Chef Ari Taymor may be young, but he’s already made a huge impact on the Los Angeles culinary scene. Before turning 30, his critically-acclaimed Alma was named the best new restaurant in 2013 by Bon Appetite, he won Best New Chef by Food & Wine and was nominated for the James Beard Rising Star Award in 2015. The chef’s latest ventures involve working with BACARDÍ Gran Reserva and operating Alma as a pop-up at The Standard hotel in Hollywood through February.
Taymor’s collaboration with BACARDÍ involves his creation of two custom cocktail recipes to be served as the official drinks of the James Beard Foundation's Taste America. With one being a variation on the classic Dark and Stormy and the other a new take on the Daiquiri (both recipes can be found below), his concoctions are thought out and unique. Just like his menu at the Alma pop-up is.
The full-sized Alma actually closed its doors in October 2015, which makes its reemergence at The Standard pretty exciting for locals. The residency is designed to give Taymor and operating partner Ashleigh Parsons a chance to “replant their roots” in the LA dining scene. Offering only an à la carte menu, the new Alma accommodates 60 diners in an intimate space in the hotel’s 24/7 Restaurant and features some the chef’s signature dishes, like frozen duck liver with granola and carrots.
Treating his plates like works of art unique to the city, Taymor draws inspiration from the California coastline: “the weather, physical landscape, the seasons, the way things smell, textures, the way the light hits.” In fact, the entire foodie scene in Los Angeles has turned local for inspiration. “LA is developing its own flavor palate and identity and is looking to include more of a mix of the local culture and nature,” he told us recently. This newfound sense of place is “less about competition and more about people being proud of where they come from and celebrating their individual city and identity.”
Even mixology is in on the action and he is quick to give influential bartender Julian Cox credit for most of it. “He’s created cocktail menus that you didn’t see elsewhere around the country [that] are very LA-inspired.” The two scenes overlap quite a bit and the creation process is exactly the same, at least it is for Taymor. “It’s about getting an inspiration that feels authentic. It’s about the flavor profiles, simplicity, and then translating it into the finished product,” he says. “It becomes a process of trial and error, and tweaking and refining the recipe until you get the desired outcome.”
There’s no doubt that Taymor has worked incredibly hard to get to where he is today and he attributes part of that to being picky about accepting jobs. He recommends that new chefs find people who they respect and admire. “There’s a lot of instant gratification in our culture and it doesn’t really translate to success in the workplace, especially in the food industry,” he says. “It’s important to put in the time with chefs.” Instead of jumping between 15 different restaurants over the course of a year, he suggests picking the right opportunities and devoting at least a year to each spot. “Wait for the right position/opportunity and don’t just jump at an opportunity that seems glitzier.”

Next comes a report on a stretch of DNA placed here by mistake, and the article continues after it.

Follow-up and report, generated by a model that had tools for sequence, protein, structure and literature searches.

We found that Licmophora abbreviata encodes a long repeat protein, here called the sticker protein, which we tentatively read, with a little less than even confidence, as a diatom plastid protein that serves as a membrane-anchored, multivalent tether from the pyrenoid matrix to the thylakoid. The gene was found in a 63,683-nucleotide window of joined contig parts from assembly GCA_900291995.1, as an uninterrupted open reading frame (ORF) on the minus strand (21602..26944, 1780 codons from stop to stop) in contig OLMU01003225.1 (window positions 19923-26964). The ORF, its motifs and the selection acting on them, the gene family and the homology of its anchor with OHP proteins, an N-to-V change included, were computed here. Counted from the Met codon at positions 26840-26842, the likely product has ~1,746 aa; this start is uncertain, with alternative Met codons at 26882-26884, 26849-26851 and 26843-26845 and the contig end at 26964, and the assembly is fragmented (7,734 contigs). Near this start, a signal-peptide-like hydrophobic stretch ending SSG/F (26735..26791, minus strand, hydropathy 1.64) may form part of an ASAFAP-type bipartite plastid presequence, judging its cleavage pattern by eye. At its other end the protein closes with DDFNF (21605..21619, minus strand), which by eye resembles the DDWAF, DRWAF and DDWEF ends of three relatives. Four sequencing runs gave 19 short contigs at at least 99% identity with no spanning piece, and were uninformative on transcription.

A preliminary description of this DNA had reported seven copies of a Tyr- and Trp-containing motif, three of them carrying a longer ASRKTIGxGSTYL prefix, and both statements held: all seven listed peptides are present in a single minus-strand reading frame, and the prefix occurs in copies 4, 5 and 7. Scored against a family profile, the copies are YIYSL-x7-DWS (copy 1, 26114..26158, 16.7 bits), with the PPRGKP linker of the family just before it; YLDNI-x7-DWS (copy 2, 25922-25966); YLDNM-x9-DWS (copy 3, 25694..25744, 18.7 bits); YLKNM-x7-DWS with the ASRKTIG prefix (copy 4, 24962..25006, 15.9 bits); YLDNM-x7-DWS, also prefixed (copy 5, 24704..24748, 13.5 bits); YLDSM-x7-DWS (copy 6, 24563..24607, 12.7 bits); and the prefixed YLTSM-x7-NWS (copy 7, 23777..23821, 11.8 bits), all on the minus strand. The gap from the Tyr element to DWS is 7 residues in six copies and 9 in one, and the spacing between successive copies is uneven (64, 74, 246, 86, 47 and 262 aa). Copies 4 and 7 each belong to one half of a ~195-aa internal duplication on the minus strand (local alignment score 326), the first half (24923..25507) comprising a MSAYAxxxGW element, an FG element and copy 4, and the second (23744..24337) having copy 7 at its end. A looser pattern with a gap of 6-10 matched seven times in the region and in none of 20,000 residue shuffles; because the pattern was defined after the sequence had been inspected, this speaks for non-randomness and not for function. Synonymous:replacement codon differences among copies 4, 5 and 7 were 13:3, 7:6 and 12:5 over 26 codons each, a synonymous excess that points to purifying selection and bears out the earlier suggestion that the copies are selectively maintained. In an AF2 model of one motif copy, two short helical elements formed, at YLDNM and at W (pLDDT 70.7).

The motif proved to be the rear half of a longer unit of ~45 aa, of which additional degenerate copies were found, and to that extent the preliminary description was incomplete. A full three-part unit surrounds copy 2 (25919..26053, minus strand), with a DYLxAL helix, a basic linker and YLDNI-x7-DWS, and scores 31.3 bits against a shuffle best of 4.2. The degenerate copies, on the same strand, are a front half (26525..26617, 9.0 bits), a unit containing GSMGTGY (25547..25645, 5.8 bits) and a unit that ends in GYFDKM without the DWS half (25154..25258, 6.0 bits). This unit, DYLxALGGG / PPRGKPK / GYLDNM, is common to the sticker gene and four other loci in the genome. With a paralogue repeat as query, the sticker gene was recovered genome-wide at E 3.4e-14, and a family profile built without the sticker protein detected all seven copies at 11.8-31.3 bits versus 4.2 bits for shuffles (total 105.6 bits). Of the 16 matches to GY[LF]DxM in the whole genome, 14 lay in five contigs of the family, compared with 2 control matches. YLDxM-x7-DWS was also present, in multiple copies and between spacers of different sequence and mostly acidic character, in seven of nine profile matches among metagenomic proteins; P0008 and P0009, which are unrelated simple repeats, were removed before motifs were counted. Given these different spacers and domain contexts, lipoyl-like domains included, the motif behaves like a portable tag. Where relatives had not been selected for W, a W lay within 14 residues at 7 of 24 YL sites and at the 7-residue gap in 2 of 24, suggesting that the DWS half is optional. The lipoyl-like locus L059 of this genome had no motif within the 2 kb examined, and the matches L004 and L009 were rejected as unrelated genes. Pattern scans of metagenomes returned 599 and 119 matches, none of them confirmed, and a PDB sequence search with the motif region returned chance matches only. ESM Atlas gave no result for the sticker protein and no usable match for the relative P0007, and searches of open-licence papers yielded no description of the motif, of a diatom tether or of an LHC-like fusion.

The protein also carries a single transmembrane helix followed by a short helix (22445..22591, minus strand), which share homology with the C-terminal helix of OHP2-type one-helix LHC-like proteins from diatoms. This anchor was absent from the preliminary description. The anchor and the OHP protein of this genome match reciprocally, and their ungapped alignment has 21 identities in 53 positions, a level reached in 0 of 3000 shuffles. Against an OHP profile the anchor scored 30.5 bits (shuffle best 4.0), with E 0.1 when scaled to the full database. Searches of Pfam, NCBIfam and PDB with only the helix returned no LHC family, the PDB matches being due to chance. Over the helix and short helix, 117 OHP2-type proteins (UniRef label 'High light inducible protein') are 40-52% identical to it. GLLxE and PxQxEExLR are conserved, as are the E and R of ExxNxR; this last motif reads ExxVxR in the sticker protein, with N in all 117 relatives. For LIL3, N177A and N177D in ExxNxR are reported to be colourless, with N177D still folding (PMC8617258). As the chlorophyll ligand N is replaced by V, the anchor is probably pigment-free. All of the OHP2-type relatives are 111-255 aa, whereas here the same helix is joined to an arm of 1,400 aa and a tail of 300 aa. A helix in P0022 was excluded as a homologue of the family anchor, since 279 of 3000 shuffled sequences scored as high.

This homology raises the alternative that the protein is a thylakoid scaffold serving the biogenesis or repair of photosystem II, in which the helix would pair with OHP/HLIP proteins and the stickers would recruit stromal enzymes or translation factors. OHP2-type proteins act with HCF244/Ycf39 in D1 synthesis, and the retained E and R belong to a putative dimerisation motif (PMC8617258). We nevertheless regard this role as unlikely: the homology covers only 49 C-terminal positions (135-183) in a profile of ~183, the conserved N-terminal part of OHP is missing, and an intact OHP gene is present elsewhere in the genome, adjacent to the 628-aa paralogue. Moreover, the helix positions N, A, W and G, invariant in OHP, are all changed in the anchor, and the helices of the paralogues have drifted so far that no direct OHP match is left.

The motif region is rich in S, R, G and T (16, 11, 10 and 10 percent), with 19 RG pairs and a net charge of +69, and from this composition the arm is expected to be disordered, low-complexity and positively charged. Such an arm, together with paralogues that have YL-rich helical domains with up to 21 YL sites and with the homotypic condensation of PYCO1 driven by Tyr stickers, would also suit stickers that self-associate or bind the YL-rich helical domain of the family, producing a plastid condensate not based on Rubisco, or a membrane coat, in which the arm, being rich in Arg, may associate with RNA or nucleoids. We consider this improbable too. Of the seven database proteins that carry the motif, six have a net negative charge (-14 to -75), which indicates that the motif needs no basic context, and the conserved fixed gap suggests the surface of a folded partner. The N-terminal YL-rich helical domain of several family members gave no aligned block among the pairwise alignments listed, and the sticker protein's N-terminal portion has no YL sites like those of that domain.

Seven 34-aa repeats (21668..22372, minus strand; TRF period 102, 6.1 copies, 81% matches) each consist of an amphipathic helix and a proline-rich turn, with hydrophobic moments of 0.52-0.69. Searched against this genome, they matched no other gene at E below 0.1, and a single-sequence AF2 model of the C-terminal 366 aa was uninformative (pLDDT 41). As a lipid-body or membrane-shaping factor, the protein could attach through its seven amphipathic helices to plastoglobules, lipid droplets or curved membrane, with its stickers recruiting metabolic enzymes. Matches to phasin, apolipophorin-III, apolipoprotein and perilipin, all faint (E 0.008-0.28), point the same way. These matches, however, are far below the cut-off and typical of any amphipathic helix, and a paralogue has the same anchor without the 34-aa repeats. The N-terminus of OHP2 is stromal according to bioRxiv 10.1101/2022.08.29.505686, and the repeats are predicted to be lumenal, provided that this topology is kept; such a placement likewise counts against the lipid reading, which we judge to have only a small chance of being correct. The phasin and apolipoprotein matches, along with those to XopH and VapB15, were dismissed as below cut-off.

Waiting for the opportune moment may be important to chefs, but thankfully diners can book a table at the new Alma right now.
- - 2 parts BACARDÍ Gran Reserva Ocho Años
- - 2 1/2 parts ginger beer
- - 1 part carrot eau de vie
- - 1/2 part lime juice
- - 1/2 part smoked maple simple syrup
- - Microplane coffee, for garnish
To make smoke maple syrup, heat wood chips in a pie tin until they smoke, then put syrup in a bowl and put them in a container and cover with foil for 35-45 minutes. Afterwards, mix one cup of cold smoked maple syrup with one cup of water and bring to a boil.
For the drink, place all ingredients (except the coffee beans and ginger beer) in a tumbler with ice. Stir and strain into a Collins glass with ice. Pour the ginger beer over the top and finish with some coffee beans grated on a microplane.
- - 1 part BACARDÍ Gran Reserva Maestro de Ron
- - 1/2 part Kaffir lime juice
- - 1 teaspoon aromatic simple syrup
To make the aromatic simple syrup, combine one cup of water, 12 Thai basil leaves, three Coriander seeds, 1/4 sliced Jalapeño, two Kaffir lime Leaves (if available) and one cup of sugar. Bring to a boil, steep for 15 minutes, then strain and let it cool before using.
For the cocktail, mix ingredients with ice in a cocktail shaker. Shake vigorously and serve in a chilled coupe.